To confirm chimerism, we carried out SNP microarray analysis using a CytoScan 750 K Array (Affymetrix, Santa Clara, CA). We used genomic DNA, which was isolated from nail as a template for microarray analysis. Scan data were visualized using ChAS 3.2 software (Affymetrix). The copy number state of chromosome X was 1.5, which means that the ratio of XX to XY was about 50% (Fig. 2a). Next, to confirm chimerism, we analyzed the B-allele frequency of autosomes and the X chromosome [13, 14]. We found both a region showing five allele combinations, where possible SNP genotypes were BB–BB, BB–BA, BB–AA, BA–AA, and AA–AA, which means that there were three or four chromosome sets, and a region showing three allele combinations, where the possible SNP genotypes were BB–BB, AB–AB, and AA–AA, which means that there were two identical chromosome sets in the autosomes (Fig. 2b). The region showing four allele combinations, where the possible SNP genotypes were BB–B, BB–A, AA–B, and AA–A, were on chromosome X (Fig. 2b). These allele combinations were detected throughout the whole genome (Supplementary Fig. 1). This indicates the presence of two different genomes, demonstrating that the patient does not show mosaicism but is an XX/XY chimera. Haplotype sharing region encompasses 1.5 Gbps, which is approximately half of the entire genome (Supplementary Fig. 1), suggesting that the chimera is possibly tetragenic, parthenogenic or androgenic. However, SNP array is not able to classify chimerism.

Fig. 2
figure 2

SNP array and STR analysis. a Smooth signal track of the patient’s X chromosome. Copy number (Y axis) showed 1.5, suggesting that the patient has more than two sets of X chromosomes. b A B-allele frequency (BAF) plot and possible allele patterns of the patient’s nail DNA, showing a XX to XY ratio of 50% in SNP array analysis. The blue and red colored chromosomes in the circles are both of paternal origin. The yellow and pink colored chromosomes are of maternal origin. c STR maker analysis. Red and blue numbers indicate paternal origin, and yellow and pink numbers indicate maternal origin

To investigate the parental origin of the genome in the patient, we performed microsatellite marker analysis, as known as short tandem repeat (STR) analysis. This time, genomic DNA was extracted from the patient’s nails and parental peripheral blood cells. We chose STR markers located in the region showing the five allele combinations in autosomes or four allele combinations on chromosome X on SNP array analysis. We first determined the patient’s genotype as well as the genotype of the parents. Next, the proband’s genotype was determined by using completely different markers in autosomes. All markers showed the contribution of two paternal alleles and one maternal allele in the chimera (Fig. 2c). Therefore, we determined the dispermic origin of the chimera. We concluded that the patient is a parthenogenetic chimera, which is composed of two paternal alleles and one duplicated maternal allele (Fig. 3a).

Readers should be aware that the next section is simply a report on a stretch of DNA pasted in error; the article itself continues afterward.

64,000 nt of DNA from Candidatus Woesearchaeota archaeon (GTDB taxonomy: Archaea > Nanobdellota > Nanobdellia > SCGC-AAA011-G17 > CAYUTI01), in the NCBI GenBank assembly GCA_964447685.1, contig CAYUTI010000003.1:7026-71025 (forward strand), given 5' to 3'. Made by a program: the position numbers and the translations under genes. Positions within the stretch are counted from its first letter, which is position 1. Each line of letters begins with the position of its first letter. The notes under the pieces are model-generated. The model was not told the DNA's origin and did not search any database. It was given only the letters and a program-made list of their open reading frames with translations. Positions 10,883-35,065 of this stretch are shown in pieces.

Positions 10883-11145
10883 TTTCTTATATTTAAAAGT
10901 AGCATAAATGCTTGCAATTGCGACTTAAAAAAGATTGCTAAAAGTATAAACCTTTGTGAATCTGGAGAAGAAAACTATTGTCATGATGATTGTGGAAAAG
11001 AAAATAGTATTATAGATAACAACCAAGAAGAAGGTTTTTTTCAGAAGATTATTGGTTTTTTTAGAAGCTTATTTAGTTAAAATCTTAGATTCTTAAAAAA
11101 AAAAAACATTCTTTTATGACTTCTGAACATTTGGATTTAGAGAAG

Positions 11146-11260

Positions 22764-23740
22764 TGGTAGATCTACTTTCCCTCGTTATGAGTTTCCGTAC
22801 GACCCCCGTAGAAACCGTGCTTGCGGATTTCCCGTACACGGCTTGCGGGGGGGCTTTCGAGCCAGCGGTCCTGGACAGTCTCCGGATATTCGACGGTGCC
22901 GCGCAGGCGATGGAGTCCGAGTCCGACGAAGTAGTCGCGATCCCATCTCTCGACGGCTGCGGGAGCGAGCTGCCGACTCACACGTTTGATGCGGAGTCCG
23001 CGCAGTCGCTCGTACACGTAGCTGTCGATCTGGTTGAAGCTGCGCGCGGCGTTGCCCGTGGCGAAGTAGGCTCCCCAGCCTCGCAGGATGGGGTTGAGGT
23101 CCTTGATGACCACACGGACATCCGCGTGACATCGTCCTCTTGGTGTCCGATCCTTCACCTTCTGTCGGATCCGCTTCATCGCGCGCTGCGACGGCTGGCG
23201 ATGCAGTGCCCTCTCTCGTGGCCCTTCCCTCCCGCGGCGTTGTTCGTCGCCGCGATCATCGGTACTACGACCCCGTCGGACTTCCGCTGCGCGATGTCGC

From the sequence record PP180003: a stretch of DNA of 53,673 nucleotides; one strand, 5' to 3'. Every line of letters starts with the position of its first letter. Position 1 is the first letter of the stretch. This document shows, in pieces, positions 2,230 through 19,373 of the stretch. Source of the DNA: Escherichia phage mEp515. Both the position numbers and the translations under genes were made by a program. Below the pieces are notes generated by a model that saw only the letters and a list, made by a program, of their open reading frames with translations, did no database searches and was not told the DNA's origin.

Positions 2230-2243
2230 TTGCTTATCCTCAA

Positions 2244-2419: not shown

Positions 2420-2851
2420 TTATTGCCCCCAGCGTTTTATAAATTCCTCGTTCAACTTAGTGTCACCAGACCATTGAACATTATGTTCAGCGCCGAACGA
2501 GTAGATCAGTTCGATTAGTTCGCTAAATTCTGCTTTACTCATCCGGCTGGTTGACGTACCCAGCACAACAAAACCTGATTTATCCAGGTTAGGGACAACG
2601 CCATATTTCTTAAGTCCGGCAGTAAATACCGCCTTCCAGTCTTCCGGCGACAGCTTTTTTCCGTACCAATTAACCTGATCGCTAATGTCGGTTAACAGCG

Fig. 3
figure 3

Schematic drawing of how a parthenogenetic chimera is produced. a Schematic drawing of how a parthenogenetic chimera is produced. Endoduplication of the maternal genome occurs just before fertilization with two spermatozoa. The colors of the cells are consistent with Fig. 2b, c. b Top, diagram of XX and XY chimeric ratios of three tissues from the patient. Orange cells indicate 46,XX, and green cells indicate 46,XY. Bottom, whereas G-banding from the peripheral blood cells of the patient showed 46,XY[26]/46,XX[4] (XX:XY ratio, 1:9), FISH showed nuc ish XX[83]/XY[17] (XX:XY ratio, 8:2) in buccal cells, and the SNP array suggested that both XX and XY are present at about 50% (XX:XY ratio, 5:5)

Although there are various mechanisms that lead to the development of chimeras, our results suggested that this patient was a parthenogenetic chimera [9]. Oocyte possibly started first mitosis before the disappearance of the pronuclear.

From the point of view of genetic counseling, the recurrence risk of this condition in this family is low because of the lack of a family history. On the other hand, careful follow-up of testicular function is important in considering future family planning and gender identity for the patient. However, as the chimeric ratio in this patient is different among various tissues in the body [15], androgen or estrogen exposure to the entire body cannot be assessed and it is difficult to predict the risk of problems, such as gonadoblastoma (Fig. 3b). In addition, genetic counseling should be recommended so that the patient’s gender identity can be determined autonomously when the pathological condition is explained to the patient.

In the present case, genotyping determined that the patient had a rare condition (XX/XY chimerism). Furthermore, it was suggested that the patient was not the common tetragametic chimera, but a parthenogenetic chimera. Genotyping of XX/XY chimeras is important not only for clarifying the pathogenesis of chimeras but also for understanding of the disease. Therefore, we expect this method to become the standard for patients who are chimeric for the XX/XY karyotype.